For me what makes it special is, sometimes he'll take stuff that I noticed, but had no idea why, and then explain exactly why. For example, from the first time I saw it, my primary reaction to Episode III was, "Boring," and I really didn't have a lot to say besides that, because I didn't really know why it was boring. Then in this review, talking about movement, camera angles, and such, he pretty much hit than nail on the head as far as that went. There's a few other examples of moments where I was like, "That's bugging me, but I don't know why," and then he said exactly why.

Trazoi
2011-01-04, 11:14 PM
Yeah, I feel similarly. If his early stuff wasn't entertaining I wouldn't have kept watching, but his skits and such can only be described as self indulgent, and I tend to think that they went so far as to take away from the rest of his reviews.
The breaking point for me was when Linkara tried a serious Silent Hill themed story based in his apartment living room. It went on and on and simply plain didn't work.


For me what makes it special is, sometimes he'll take stuff that I noticed, but had no idea why, and then explain exactly why. For example, from the first time I saw it, my primary reaction to Episode III was, "Boring," and I really didn't have a lot to say besides that, because I didn't really know why it was boring. Then in this review, talking about movement, camera angles, and such, he pretty much hit than nail on the head as far as that went. There's a few other examples of moments where I was like, "That's bugging me, but I don't know why," and then he said exactly why.
I could have picked out the major flaws with the prequel movies - stuff like an incoherent plot, bad dialogue and the drowning of every scene with special effects - but the reviews put it so much clearer and explicitly point out exactly how they fail in ways I wouldn't have been able to express.

One of my favourite things is how the Ep.I review doesn't spend much time doing the boring thing of spending ages ragging on Jar-Jar Binks and instead focuses more on Qui-Gon Jinn. Simply bashing everyone's favourite punching bag would have been easy but it wouldn't have added anything, plus Jar-Jar was more a symptom of big failings than the main problem. Qui-Gon as the closest thing the movie had to leading protagonist (such as there was) was a far bigger problem structurally than the annoying comic relief.

averagejoe
2011-01-05, 02:18 AM
The breaking point for me was when Linkara tried a serious Silent Hill themed story based in his apartment living room. It went on and on and simply plain didn't work.

See, I saw the Silent Hill reviews proper to be pretty dull, and I just plain couldn't get past them. So I haven't seen that skit.


I could have picked out the major flaws with the prequel movies - stuff like an incoherent plot, bad dialogue and the drowning of every scene with special effects - but the reviews put it so much clearer and explicitly point out exactly how they fail in ways I wouldn't have been able to express.

One of my favourite things is how the Ep.I review doesn't spend much time doing the boring thing of spending ages ragging on Jar-Jar Binks and instead focuses more on Qui-Gon Jinn. Simply bashing everyone's favourite punching bag would have been easy but it wouldn't have added anything, plus Jar-Jar was more a symptom of big failings than the main problem. Qui-Gon as the closest thing the movie had to leading protagonist (such as there was) was a far bigger problem structurally than the annoying comic relief.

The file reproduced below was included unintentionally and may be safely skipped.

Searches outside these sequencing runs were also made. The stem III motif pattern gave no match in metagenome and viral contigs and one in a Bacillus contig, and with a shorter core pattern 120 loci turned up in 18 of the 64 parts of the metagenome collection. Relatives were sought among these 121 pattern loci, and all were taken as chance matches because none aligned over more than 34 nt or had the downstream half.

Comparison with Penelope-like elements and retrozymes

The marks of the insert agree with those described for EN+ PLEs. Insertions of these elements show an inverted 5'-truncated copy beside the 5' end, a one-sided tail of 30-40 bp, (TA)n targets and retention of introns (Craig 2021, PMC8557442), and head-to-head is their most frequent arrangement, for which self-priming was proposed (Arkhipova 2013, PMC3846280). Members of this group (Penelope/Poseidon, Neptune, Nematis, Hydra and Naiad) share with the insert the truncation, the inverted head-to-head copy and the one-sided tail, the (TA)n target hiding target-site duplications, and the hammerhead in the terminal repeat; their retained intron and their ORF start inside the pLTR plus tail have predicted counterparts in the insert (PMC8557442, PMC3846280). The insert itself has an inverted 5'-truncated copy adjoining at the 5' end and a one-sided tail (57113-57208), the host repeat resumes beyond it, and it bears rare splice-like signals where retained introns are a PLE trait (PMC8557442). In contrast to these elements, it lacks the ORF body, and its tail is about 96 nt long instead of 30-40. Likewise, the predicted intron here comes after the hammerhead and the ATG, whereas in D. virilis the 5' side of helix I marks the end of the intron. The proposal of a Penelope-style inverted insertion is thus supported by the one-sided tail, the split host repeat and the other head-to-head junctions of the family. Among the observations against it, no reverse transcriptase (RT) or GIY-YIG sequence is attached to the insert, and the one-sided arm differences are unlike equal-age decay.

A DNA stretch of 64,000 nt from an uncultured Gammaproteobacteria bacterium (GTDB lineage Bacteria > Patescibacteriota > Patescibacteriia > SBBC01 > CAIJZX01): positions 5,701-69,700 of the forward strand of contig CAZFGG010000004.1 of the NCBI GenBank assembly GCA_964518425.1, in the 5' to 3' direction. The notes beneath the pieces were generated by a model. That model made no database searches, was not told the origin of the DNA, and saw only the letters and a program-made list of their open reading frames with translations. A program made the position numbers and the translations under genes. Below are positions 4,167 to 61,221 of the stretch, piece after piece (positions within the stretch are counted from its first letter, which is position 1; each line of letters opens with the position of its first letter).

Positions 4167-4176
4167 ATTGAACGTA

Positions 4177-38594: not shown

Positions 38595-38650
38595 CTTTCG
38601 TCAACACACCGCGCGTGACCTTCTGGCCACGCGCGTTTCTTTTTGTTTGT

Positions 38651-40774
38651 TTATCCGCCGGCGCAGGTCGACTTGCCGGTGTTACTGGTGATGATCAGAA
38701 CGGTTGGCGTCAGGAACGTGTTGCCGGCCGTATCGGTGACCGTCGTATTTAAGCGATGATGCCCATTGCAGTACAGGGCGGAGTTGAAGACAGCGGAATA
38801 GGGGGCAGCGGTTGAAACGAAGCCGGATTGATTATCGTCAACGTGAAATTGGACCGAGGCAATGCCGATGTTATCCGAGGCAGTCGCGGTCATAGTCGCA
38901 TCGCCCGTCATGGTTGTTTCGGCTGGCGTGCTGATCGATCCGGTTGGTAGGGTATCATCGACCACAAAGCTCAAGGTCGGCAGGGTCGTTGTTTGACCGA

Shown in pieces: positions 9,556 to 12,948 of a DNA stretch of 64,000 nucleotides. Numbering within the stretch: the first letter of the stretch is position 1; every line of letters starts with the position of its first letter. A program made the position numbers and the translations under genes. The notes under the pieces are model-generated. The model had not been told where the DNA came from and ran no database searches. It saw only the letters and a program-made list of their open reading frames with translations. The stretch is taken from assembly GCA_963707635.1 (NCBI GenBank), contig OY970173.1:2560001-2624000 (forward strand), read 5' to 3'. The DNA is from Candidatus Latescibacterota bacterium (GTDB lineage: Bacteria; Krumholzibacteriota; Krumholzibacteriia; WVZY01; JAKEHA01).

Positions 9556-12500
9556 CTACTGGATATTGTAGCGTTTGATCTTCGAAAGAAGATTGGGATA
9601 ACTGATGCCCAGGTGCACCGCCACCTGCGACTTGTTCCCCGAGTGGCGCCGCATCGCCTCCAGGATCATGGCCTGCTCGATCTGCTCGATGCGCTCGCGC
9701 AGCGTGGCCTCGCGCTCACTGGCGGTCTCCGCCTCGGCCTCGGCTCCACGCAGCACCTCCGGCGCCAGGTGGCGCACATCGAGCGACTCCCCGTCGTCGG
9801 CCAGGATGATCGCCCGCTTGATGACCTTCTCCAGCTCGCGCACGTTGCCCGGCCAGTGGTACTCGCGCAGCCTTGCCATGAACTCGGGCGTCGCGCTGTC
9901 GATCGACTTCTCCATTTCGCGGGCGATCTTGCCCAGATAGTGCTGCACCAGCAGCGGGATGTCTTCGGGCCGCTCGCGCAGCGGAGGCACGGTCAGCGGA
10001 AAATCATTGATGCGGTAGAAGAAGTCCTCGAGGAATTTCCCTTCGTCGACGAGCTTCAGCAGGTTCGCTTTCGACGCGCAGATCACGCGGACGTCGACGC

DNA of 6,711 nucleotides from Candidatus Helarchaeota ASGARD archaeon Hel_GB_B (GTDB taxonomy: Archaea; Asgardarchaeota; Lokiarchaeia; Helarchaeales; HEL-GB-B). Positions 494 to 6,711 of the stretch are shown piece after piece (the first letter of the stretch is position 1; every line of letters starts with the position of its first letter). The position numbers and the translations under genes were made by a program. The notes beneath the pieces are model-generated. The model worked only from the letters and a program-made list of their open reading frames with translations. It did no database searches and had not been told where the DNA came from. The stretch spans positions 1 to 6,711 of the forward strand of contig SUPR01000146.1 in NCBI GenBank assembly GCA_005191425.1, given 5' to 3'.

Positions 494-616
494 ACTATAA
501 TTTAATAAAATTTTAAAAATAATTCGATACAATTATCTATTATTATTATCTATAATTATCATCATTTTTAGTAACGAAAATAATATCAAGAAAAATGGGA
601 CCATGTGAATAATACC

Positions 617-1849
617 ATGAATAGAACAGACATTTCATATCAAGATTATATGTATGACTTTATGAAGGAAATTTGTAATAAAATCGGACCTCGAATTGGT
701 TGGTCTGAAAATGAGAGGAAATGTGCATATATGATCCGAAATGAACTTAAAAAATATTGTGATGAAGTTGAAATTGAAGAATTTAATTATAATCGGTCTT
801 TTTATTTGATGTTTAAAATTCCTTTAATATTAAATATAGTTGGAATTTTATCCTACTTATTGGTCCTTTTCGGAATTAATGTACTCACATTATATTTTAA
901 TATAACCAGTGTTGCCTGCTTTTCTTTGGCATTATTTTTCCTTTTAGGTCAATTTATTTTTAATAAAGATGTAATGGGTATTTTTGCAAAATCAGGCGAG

I loved the, "Describe this character without referring to what they look like, their job, or their role in the film," bit. It's somewhat funny to me that if you did that for Jar-Jar then you'd actually have things to say.

loopy
2011-01-05, 10:28 AM
Seems like his website is down. This irritates me.

Winterwind
2011-01-05, 11:32 AM
Yep, it's right here (http://www.redlettermedia.com/sith.html). I'm surprised he didn't upload anything to his YouTube channel announcing it. Anyone else a fan of the "Mr. Plinkett" reviews?Oooh! Yet another reviewer I can listen to while painting Warhammer minis! Thanks, Lord Seth! :smallbiggrin:
Will watch this as soon as I'm home. :smallcool:


Am the only one who liked the prequels? :smallfrown:I'm probably fairly alone with that precise opinion, but I actually liked Episode One, and concedes that Episode Three wasn't bad except for one particular flaw (which, unfortunately, was pretty fatal in my eyes), so while I number myself into the camp of the prequel haters, the only part I actually truly loathe was Episode Two. Though it took me a long while to get to this point (from a blind hatred towards the entire prequel trilogy that I now feel rather ashamed of).

Lengthy explanation of my feelings towards the prequels incoming:
Episode One:
I am the kind of person that cares a lot about mood when watching something, and I found Jar-Jar to be extremely harmful in Episode One - not directly because of how annoying he was, but because he totally disrupted the mood of watching something epic going on whenever he was on screen, something I felt drove the original trilogy to a large degree. The first trilogy managed to have its humour be less invasive on the mood. It's as if one added slapstick to the scene from the Lord of the Rings where Arwen ponders what will happen if she chooses to stay with Aragorn, and still expected the scene to work.

I also greatly disliked how clean and shiny everything was; to me, Star Wars always had its particular charm by everything looking moderately primitive and gritty, contrasting wonderfully with the smooth, shiny Star Trek universe. Episode One being so clean and shiny made it feel more like some regular sci-fi movie, not Star Wars, quite effectively undermining the Star Wars mood.